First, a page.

However, at current oil prices, drilling prices and technology, the area of the Bakken that can be profitably drilled has been defined and that limited area is being rapidly "drilled up".
The hype has been around Bakken and Eagleford for oil and "other oil" production. Both have limited long term potential. Bakken should peak @ 2015 and Eagleford a year of two later.
However, the more slowly developing Permian fraced wells may be the one US play that may not peak until the 2020's, and peak at well over 1 million, perhaps 2 million b/day. It is still too early in the game, and the hypesters are not yet fully involved, but the Permian looks promising to me (as long as your world ends before 2030).
However, structural energy demand in the USA is still *FAR* too high, and it will be easier and cheaper to just reduce our "elevated: oil demand - investments that will last beyond 2030.
BTW, Paris will double their subway system by 2030 with 2 million more daily riders and pick up close to 1 million more with new tram and commuter rail lines. French oil consumption is already down from 2 million b/day to 1.7 and they are clearly heading towards 1 million b/day. The USA should be following this lead.
Meanwhile, UK oil production may drop -22% in 2013.
New car sales in China during the first 8 months of 2013 were 11.3 million cars (up +13% yoy) vs. US new car sales of 10.6 million (up +17% yoy) in the USA.
In the USA, new car sales are mostly replacements (one new car, one scrapped car). In China some new cars replace cars lost in accidents and a few worn out cars, but most new Chinese cars create new oil demand. Car sales a decade and more ago in China (long enough to wear a car out) were a small fraction of current sales.
Iahphx cherry picks data to support his POV (oil prices should be $20/barrel, or no more than $60) while I try to take a more holistic view pf world supply & demand.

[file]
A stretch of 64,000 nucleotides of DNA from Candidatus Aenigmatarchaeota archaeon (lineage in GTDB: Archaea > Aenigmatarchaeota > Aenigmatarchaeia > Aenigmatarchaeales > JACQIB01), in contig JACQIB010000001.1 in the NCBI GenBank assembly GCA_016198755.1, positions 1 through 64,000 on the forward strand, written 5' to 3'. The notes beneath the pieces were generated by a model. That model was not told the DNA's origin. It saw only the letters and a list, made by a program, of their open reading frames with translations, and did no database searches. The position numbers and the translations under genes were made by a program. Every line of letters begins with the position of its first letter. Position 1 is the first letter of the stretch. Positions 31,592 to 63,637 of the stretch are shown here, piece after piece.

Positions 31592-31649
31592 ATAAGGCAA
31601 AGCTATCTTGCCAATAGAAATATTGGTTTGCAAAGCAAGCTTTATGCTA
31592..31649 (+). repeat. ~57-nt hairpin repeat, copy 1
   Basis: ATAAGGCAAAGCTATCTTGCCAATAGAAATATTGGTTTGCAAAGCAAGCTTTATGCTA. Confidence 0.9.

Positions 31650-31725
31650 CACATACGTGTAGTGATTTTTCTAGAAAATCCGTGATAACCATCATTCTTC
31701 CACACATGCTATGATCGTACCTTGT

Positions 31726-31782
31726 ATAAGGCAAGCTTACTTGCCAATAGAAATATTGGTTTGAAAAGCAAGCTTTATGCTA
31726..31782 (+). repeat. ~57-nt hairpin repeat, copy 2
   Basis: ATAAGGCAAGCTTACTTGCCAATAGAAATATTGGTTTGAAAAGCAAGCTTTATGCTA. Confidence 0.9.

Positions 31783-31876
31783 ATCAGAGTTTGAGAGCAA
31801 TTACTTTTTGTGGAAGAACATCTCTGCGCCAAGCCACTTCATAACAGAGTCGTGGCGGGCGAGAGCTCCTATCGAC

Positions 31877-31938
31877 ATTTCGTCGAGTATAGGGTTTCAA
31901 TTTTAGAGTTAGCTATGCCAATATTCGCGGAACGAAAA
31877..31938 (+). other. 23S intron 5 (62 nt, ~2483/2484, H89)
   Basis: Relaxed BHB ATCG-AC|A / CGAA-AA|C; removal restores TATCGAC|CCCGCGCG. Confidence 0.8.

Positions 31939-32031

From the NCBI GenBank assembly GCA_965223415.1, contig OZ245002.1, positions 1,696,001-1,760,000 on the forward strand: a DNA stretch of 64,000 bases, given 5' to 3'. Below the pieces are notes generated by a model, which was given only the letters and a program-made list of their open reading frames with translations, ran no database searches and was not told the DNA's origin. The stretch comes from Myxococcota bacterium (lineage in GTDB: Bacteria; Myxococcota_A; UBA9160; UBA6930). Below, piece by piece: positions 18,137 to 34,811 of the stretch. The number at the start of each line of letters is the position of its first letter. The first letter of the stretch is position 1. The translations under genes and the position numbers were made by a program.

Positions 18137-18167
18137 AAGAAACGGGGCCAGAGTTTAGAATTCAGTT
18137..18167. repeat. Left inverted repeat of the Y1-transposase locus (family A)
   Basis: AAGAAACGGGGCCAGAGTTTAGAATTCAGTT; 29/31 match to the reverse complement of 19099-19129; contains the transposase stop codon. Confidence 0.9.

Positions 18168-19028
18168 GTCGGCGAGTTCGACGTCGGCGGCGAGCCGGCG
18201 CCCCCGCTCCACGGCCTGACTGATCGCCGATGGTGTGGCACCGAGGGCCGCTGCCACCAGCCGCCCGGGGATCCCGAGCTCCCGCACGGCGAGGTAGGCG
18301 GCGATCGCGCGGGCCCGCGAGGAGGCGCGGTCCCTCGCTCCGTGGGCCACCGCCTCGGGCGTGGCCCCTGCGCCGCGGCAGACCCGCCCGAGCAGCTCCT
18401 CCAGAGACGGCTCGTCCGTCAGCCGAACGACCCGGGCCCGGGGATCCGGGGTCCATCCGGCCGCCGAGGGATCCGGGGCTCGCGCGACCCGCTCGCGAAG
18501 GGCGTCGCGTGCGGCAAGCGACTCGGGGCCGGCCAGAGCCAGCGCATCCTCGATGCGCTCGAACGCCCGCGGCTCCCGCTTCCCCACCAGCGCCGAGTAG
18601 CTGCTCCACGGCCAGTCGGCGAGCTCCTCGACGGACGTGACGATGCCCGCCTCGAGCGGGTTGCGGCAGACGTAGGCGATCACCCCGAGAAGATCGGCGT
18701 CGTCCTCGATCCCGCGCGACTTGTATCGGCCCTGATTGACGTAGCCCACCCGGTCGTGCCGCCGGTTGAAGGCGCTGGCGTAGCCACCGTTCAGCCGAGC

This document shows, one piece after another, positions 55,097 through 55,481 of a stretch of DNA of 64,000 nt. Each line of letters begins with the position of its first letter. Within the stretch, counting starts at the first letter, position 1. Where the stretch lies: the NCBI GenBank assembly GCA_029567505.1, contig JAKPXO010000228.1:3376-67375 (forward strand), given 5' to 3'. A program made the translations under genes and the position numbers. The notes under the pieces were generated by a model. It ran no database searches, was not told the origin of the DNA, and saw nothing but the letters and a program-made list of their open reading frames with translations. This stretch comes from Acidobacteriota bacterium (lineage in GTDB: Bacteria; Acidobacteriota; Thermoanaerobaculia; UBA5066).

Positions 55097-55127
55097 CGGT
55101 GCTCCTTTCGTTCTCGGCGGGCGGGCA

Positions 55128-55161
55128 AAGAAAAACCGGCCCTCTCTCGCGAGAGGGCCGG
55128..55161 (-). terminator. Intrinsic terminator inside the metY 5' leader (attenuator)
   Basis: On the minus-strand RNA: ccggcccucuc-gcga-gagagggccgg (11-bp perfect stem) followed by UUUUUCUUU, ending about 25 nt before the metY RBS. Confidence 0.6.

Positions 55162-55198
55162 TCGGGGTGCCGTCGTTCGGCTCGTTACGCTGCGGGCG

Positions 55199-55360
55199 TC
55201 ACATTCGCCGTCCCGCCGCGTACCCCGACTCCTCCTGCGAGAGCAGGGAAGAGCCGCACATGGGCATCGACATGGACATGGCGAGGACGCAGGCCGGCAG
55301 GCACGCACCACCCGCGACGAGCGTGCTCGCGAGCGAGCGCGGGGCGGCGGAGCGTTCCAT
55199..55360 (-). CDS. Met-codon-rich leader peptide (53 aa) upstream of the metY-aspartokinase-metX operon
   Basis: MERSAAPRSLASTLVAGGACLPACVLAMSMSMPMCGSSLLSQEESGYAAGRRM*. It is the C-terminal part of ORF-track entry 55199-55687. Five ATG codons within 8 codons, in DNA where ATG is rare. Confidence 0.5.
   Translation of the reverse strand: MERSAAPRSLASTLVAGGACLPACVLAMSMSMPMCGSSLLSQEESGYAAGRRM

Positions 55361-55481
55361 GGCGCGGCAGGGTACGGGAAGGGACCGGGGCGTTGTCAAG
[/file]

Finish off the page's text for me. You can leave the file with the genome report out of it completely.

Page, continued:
I went to the EIA website for Texas, got the data for all oil product sales (gasoline to residual fuel oil), summed it up and converted to millions of barrels/day. In July 2013, Texas burned 2.532 million barrels/day. This is WAY above the US average per capita.
Texas could double production again (they will not, even at $200/barrel) and Texas (unlike Saudi Arabia) would still be an oil importer (just like the rest of the USA).
Reduced oil consumption (have gas taxes pay for roads & highways instead of stealing from "rainy day" fund) is the way to go. Fraced wells deplete quickly.
BTW, much/most of the oil production increase in Texas is in "other oil" that cannot be used for jet fuel or diesel. Stuff like propane, butane and pentane.
France will be using 30% less oil, natural gas and coal (just 4% -5% of French energy) by 2030. This is *NOT* just the electrical sector, but total national consumption (all imported).
Unlike Germany, this drop will NOT come renewables (just a little) but from transportation, space heating and agriculture - and other sectors.
After WW II, the French developed just like Americans with two differences. Less population growth and they did not bulldoze freeways through the center of their cities. As result of our "freeways" bulldozed through cities In the USA, "central city" is a code word for slums. In France, it is a code word for high priced real estate.